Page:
Dark Shadows

Based on a soap opera that had something like a thousand episodes during the course of its run, Dark Shadows is another movie in which Johnny Depp acts like a Johnny Depp character. Oh, and it has other people acting strange, too, simply for the sake of it. It’s about a 200-year-old vampire being set free after being buried alive, and how he’s going to deal with the silly people — his descendants — who now run his estate.

I should back up. The film begins approximately 200 years earlier, before Barnabas Collins (Depp) was a vampire. He fell in love, but not with the right woman. A jealous witch, who was acting as a maid, cursed him and then locked him away and buried him. Her name is Angelique (Eva Green), and she winds up being the villain, even 200 years later. In present day (1976), she has essentially become the beloved leader of the entire town. She runs the primary fishing company and this has drained the Collins’ fortune, as it was they who originally established the fishery.

The present-day Collins family consists of these people: Elizabeth (Michelle Pfeiffer); Carolyn (ChloĆ« Grace Moretz), the teenage girl; David (Gulliver McGrath), the young boy who sees ghosts; Roger (Johnny Lee Miller), someone whose role I’m not quite sure; Dr. Hoffman (Helena Bonham Carter), David’s psychiatrist; Willie (Jackie Earle Haley), the caretaker; and Victoria (Bella Heathcote), who looks a suspicious amount like Barnabas’ former lover, probably because they’re both played by Bella Heathcote. No points for guessing what happens in respect to that.

What a cast, huh? Wouldn’t it be nice if this didn’t transform into the Johnny Depp show? But you know it will. The film is directed by Tim Burton, who cast his most favorite actor ever in the lead role. Of course it’s going to be all about him. And, sure enough, as soon as Barnabas is released from his earthly prison (he was buried in the ground, you see), it becomes all Depp, all the time. That’s fun for a while, but since we’ve seen it before, it grows tiresome rather fast. And without an actual plot, we’re left basically watching Depp wander his way through various, semi-connected, events.

I’m not saying that Dark Shadows is without promise or that it’s completely lacking in fun. If you’re not burnt out on Depp acting silly, you’re likely going to have a grand time. When someone from 200 years ago comes to the present day and is scared of all the new technologies, that’s funny. It just can’t carry a film. The problem here is that it sort of tries to, and that’s just not fair to Depp. He’s given such little story to work with that he really does often seem lost.

I suppose one can focus on the Gothic aesthetic with which Burton fills Dark Shadows. This is a great looking film, if nothing else. That’s also not enough to carry a production whose running time is almost two hours. Maybe a 90-minute film can get by with this slight a story and characters, but this one can’t do it. It can look as pretty as punch, but without any reason to care, you might as well just take a trip to the local art gallery. Or the internet, which has millions of Gothic paintings you can see.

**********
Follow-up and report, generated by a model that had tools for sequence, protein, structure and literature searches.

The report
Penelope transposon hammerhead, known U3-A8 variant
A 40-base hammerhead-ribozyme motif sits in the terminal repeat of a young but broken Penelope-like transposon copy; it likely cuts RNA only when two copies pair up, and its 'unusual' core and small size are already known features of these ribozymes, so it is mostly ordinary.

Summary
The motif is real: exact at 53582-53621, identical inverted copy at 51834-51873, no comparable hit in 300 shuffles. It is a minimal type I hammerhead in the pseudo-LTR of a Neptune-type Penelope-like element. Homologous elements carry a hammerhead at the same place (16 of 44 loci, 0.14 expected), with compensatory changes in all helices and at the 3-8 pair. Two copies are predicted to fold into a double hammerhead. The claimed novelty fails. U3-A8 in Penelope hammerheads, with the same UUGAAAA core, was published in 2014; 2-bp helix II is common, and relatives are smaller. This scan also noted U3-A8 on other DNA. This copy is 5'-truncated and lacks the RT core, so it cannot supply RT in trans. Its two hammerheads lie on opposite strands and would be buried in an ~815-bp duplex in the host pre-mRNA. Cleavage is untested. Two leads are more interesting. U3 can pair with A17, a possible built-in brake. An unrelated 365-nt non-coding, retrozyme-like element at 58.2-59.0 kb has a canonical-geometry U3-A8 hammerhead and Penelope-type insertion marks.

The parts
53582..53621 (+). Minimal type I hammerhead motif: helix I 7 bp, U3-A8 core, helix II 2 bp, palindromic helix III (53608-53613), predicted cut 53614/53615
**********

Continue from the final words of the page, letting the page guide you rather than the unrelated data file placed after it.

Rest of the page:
I … I struggled to find the point, okay? I can’t justify telling you to watch it, because I can’t think of anything that I took from it other than a little bit of fun at Depp’s expense and the gorgeous visuals. There’s barely any plot, the characters are shallower than skin-deep, there isn’t anything on its mind, and most of the actors are just going through the motions. A great cast has been assembled here, but most of them don’t get to do much of anything.

Well, there are two actors who stand out. I’ve already mentioned Depp, who brings some comedy to the role, which I don’t think a lot of actors would have been able to do. Eva Green is the other one, who here puts on a spotty but good enough American accent and plays the role as hammy as possible, ensuring that whenever she’s on-screen, we have something to watch. I wish the roles were flipped. She could play the protagonist, and Depp would be the villain. That might have been even more fun.

But, alas, that isn’t the case. The film is an adaptation of a previous series, after all, and the original Dark Shadows has 1,000+ episodes from which to draw ideas, and flipping around key characters would only anger fans. It’s those fans, coincidentally, who should watch this new version. They’ll at least have something to which they can compare it. For everyone else? It’s too empty to recommend seeing.

Dark Shadows is a film that exists so Johnny Depp can do his Johnny Depp thing, Tim Burton can do his Tim Burton thing, and everyone else can stand around watching them do their thing while nothing gets accomplished and millions of dollars get wasted. (Okay, Eva Green also joins in for brief spurts, which is enjoyable.) It looks good, it has some funny moments, but it’s so completely shallow and devoid of plot and depth that once you get over Depp being moderately funny and the Gothic aesthetic, there’s nothing to keep you watching for almost two hours. Spend your time in a better way.

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